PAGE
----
Mosaic’s move to Florida, which was announced last week, was expected and not a disaster.

A Fortune 500 company, Mosaic, a Cargill spinoff 15 years ago, has seen its local employment diminish by half, to 150. It was evolving geographically to its global mining operations in Florida, where it employs 3,700 employees.

Mosaic brass didn’t complain about Minnesota’s economy or taxes. It cited savings in travel and office space as the reasons for leaving.

Minnesota had 13 Fortune 500 companies in 2000. There will be 16 after Mosaic departs. We should be grateful for these behemoths in food, finance, technology and retail. They also spawn smaller companies through carve-outs and managers who leave to do their own thing.

In fact, it has been the small, fast-growing companies that have driven record employment and a strong Twin Cities economy.

That would include everything from Bridgewater Bancshares, the small business lender that went public last year, to Smart Care, the Ecolab spinoff with 900-plus employees that is the anchor tenant of St. Paul’s Osborn370 downtown entrepreneur center.

Then, there is Perforce Software, based in the North Loop. It already employs 300 people, including 70-plus since 2016 at its headquarters in the refurbished Wyman Building. The company was based in San Francisco two years ago. .

Janet Dryer, 56, is a two-time business builder who started in 1983 as the third employee at HelpSystems, another software firm. She grew it as CEO to nearly 300 employees and $110 million in revenue by the time she “retired,” following a sale to a private equity outfit in late 2014.

Dryer’s successor as CEO at Help­Systems, Chris Heim, 53, has driven the IT services firm to revenue of $175 million-plus and 500-plus employees.

Dryer, who started in sales, claims her greatest talent is hiring good people. She didn’t stay on the bench long after the HelpSystems sale.

Peter Rottier, a Summit Partners managing partner, oversaw Summit’s successful, long-term investment in HelpSystems under Dryer. He contacted Dryer in 2015 about a small, San Francisco-based specialty software firm he wanted to buy called Perforce Software.

Dryer took over in January 2016 and moved the headquarters to Minneapolis.

Perforce had “great products, a good customer list and a great technology team,” said Colleen Kulhanek, Perforce’s vice president of marketing, who used to work for Dryer at HelpSystems. But the founding CEO was more interested in selling the business than building it.

Software development remains in California. Kulhanek expects Perforce to double Minneapolis employment to 140 by 2019.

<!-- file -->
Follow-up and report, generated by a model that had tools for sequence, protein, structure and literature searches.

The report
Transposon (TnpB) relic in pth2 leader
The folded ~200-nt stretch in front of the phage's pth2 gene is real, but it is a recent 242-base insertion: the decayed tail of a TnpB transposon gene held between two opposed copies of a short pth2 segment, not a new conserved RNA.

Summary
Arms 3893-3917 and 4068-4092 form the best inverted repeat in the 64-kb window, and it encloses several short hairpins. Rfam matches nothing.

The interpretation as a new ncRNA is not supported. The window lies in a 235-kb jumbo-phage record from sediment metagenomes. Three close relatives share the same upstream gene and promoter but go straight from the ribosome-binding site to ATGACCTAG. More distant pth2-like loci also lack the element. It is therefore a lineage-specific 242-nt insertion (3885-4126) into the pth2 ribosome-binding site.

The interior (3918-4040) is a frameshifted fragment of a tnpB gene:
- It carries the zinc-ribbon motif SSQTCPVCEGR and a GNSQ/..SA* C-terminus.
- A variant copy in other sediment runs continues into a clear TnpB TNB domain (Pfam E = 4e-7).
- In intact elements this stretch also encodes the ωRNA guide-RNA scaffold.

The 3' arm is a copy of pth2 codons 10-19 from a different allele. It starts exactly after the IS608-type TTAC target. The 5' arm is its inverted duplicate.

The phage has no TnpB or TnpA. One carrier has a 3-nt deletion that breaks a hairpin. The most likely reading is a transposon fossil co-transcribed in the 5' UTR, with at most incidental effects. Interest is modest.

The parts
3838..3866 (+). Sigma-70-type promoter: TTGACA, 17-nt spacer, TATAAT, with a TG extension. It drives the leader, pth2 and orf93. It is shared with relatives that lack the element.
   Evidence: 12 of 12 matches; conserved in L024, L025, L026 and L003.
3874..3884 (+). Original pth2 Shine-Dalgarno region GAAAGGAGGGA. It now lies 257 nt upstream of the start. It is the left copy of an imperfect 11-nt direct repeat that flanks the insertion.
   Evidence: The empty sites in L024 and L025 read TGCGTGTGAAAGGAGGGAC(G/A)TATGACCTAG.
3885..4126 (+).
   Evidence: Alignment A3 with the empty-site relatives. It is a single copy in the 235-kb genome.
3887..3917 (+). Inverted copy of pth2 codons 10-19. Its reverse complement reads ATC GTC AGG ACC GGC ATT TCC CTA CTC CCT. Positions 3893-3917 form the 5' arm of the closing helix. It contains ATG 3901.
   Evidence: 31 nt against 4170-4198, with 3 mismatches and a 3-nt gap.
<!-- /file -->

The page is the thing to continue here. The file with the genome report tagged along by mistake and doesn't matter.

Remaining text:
It’s also less expensive to run a software firm from Minneapolis than the Bay Area.

“Janet is a great CEO and created a great company and outcome for employees and investors at HelpSystems,” said Phil Soran, who has built three Twin Cities tech companies and who was a HelpSystems board member.

Summit Partners, has made a lot of money over 20 years or so with investments in Twin Cities tech firms, including HelpSystems, Ability Network, Jamf and others. Rottier credits a “durable growth,” long-term mind-set he’s found among Twin Cities entrepreneurs. Summit was the prime investor in Ability, another North Loop growth company, which has grown to 550-plus employees. Its software links health care payment networks and providers. It was just acquired for $1.2 billion by medical-data analytics firm Inovalon Holdings of suburban Washington, D.C.

Ability just leased more space in the Butler Square building.

At Perforce, Dryer is surrounded by senior managers who formerly worked with her at HelpSystems. That includes Mark Ties, the HelpSystems CFO, who is president of Perforce.

Dryer said she has infused the HelpSystems culture into Perforce. She is remembered for giving up some of her stock and persuading Summit Partners to give up some of its winnings so that some stock-less HelpSystems employees would enjoy a bit of the substantial windfall from the company’s sale in 2015.

Her formula: pay employees competitively, treat them fairly and share some winnings.

“We don’t drive people 12 hours a day,” Dryer said. “Work from home if you need to or want to. Be nice and employees stick around.”

Dryer, a Fargo, N.D., native moved to Minnesota to attend the College of St. Benedict.

When Dryer was a high school senior in 1978-79, she was named an “All American Window Girl” by McDonald’s for handling drive-through orders under the company’s 45-second goal.

“I could get a customer in and out in 35 seconds,” Dryer claimed. “And I still get as excited about a $5,000 order as a $1 million order. It’s all a win.”

Dryer’s inclusive, company-building efforts have been a win for a resilient Minnesota economy.


Neal St. Anthony has been a Star Tribune business columnist and reporter since 1984. He can be contacted at